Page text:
Did you hear Jake mention he has a Tour de France podcast? Want to hear more audio gold from the co-creator of Your Next Beer, check out the Tour de France for Beginners podcast.
This weeks news is really less news and more of a shameless plug for a Chicago related beer event.The third annual AleFest Chicag will be held on Saturday. More than 150 craft brews from some 50 domestic and foreign breweries will be poured at Soldier Field’s Stadium Green which is the grassy plaza outside the lake side of the stadium. Represented will be such Chicago-area breweries and brewpubs as Flossmoor Station, Goose Island, Metropolitan, Piece, Three Floyds and Two Brothers. Attendees will be able to taste brews and quiz brewers or brewery reps about how their favorite beers are made.
Unibroue La Fin Du Monde
- This weeks beer, La Fin Du Monde, weighs in at 9.0% abv and is classified as a Belgian Trippel.
- For those of you who don’t remember, we did talk about trippels in our Belgian series. However, as a brief refresher:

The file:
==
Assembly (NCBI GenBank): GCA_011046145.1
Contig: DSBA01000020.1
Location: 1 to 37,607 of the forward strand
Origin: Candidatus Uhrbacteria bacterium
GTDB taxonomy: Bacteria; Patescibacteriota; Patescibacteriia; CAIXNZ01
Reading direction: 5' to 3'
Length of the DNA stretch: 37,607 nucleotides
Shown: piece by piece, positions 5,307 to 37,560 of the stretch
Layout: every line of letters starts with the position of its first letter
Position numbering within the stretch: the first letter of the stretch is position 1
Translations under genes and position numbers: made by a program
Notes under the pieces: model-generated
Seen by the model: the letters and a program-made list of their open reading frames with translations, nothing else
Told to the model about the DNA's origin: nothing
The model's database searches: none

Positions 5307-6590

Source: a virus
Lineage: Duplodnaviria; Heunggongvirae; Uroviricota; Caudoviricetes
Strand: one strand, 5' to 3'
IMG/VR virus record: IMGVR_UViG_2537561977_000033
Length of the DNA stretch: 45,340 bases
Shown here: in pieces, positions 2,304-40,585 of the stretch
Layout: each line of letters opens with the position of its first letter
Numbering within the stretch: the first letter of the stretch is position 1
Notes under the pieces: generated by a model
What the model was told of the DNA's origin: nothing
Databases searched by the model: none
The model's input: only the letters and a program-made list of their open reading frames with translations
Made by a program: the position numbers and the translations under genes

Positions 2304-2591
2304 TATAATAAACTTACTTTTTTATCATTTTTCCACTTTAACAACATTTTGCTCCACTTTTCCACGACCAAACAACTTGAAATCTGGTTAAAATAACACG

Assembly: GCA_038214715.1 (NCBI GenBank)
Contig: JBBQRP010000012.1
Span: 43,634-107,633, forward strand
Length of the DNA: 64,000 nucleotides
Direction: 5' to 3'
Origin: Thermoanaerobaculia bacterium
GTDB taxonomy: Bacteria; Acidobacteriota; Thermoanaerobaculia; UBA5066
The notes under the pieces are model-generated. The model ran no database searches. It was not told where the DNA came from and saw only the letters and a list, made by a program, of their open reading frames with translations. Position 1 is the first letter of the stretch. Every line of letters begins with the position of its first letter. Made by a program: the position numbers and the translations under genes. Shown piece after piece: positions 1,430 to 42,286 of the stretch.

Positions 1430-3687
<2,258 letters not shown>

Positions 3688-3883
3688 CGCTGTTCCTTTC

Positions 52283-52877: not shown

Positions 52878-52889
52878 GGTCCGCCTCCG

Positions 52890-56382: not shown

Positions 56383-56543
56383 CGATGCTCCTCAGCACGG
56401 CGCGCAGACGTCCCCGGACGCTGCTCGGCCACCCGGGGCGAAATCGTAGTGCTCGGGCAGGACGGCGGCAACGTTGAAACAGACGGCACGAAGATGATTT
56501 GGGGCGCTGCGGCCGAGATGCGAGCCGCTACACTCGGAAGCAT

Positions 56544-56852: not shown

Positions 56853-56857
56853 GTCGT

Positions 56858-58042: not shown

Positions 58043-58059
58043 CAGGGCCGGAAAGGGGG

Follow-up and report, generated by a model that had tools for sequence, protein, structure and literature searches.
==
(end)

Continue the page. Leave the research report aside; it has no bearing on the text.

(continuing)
- The name “Tripel” actually stems from part of the brewing process, in which brewers use up to three times the amount of malt than a standard Trappist “Simple.”
- Traditionally, Tripels are bright yellow to gold in color, the head should be big, dense and creamy. Aroma and flavor runs along complex, spicy phenolic, powdery yeast, fruity/estery with a sweet finish.
- Sweetness comes from both the pale malts and the higher alcohol. Bitterness is up there for a beer with such a light body for its strength, but at times is barely perceived amongst the even balance of malts and hops. The lighter body comes from the use of Belgian candy sugar (up to 25% sucrose), which not only lightens the body, but also adds complex alcoholic aromas and flavors. Small amounts of spices are sometimes added as well.
- La Fin Du Monde roughly translates to the end of the world, and was brewed to honor the great explorers, who believed they had reached the end of the world when they discovered America.
- First brewed in February of 1994 after 18 months of research, the website describes it as having champagne-like effervescence, it has a vigorous presence in the mouth, which accentuates its strong personality. Slightly tart, with the balanced flavors of wild spices, malt and hops, it belongs to the class of great Trappist beers and, in this regard, is a North American first. At meals, it can replace white or red wines and enhances the flavor of most dishes.
Well that’s all for the Unibroue beers. Next week I think we are going to start another series based on a brewery, but I am not sure which one yet, so tune in a find out.